NCompass Live - July 1, 2015.
One Saturday each month about 50 people gather at Concordia University’s Link Library to play board games. That might sound banal in a higher education setting or Luddite in this age of ever-increasing technology. Since 1995, however, a grand renaissance in board game design is providing games that are intellectually stimulating, artistically engaging, educationally valuable, and socially exciting. Hear how a modern board game event in the library offers outreach to the students, faculty and community. Learn what resources we use to develop and promote the event. If you believe that fun has no place in the library, do not attend this session.
Presenter: Phil Hendrickson, Library Director, Link Library, Concordia University, Seward, NE.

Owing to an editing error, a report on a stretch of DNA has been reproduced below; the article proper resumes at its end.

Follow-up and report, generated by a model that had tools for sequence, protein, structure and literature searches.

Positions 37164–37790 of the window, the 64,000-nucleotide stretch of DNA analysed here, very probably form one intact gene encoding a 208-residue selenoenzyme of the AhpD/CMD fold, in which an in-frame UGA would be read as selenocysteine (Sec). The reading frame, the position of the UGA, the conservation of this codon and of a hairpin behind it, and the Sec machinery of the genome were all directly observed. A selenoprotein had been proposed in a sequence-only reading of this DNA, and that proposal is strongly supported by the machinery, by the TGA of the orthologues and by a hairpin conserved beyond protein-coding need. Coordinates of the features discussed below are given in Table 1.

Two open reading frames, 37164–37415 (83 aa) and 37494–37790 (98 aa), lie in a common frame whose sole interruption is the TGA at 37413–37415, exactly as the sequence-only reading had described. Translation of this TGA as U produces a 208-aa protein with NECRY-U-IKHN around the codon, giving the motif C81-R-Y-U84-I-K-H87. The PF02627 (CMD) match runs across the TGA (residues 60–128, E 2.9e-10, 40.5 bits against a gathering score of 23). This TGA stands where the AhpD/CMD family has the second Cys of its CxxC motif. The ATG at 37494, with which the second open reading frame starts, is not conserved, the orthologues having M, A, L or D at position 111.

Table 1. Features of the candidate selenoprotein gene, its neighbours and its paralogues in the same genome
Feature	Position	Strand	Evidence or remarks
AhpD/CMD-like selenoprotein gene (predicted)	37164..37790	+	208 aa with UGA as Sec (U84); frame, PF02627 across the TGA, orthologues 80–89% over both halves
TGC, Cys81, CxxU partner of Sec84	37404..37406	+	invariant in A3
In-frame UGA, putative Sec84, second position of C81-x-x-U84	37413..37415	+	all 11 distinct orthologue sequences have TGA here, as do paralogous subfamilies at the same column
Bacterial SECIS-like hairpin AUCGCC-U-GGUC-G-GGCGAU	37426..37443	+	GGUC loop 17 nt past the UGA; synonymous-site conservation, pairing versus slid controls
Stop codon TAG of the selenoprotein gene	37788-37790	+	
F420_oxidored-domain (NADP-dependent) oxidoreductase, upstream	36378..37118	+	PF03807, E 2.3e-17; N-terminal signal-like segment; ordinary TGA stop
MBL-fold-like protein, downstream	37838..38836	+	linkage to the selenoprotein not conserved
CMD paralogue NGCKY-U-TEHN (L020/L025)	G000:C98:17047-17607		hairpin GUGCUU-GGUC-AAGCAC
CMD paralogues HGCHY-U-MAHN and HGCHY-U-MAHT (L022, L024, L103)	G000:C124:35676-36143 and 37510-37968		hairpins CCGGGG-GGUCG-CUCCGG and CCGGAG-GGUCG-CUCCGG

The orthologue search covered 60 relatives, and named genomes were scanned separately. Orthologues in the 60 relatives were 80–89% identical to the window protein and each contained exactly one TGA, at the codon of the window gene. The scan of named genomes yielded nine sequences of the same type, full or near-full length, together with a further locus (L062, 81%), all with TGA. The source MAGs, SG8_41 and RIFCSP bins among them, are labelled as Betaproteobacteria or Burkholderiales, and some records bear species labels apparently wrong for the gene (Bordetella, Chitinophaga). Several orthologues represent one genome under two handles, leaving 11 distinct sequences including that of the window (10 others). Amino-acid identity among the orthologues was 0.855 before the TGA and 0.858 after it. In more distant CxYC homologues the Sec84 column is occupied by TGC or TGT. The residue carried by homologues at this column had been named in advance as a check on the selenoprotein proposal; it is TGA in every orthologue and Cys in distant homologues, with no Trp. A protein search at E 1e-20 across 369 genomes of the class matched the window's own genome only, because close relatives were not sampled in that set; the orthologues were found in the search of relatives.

Did you know we’re in a renaissance of board and card games?
WSJ ran a story during the NFL playoffs about the Packers playing Catan. The news angle is that adults are playing board games, not just H.S. geeks in the basement.
Not to bash Monopoly, but games have come a long way in 100 years.
Several names are used to try to demonstrate that board games have changed in recent years.
These games are mostly NOT designed to be educational, yet they give fun ways to build and use problem solving, logic and subject skills.
F2F tabletop gaming builds social skills far better and is less expensive and technology-dependent than video gaming. Gamergate; small vs. big money.
Game nights are a good fit for library values. They serve a wide variety of people. Board gaming engenders a culture of constant teaching and learning.
Several hundred new games are published each year; the majority will never appear in Walmart because they aren’t cheap, mass-market games. What led to this renaissance? Mid-20C German families wanted non-violent games. The Spiel des Jahres (established 1979) led to much better game designs…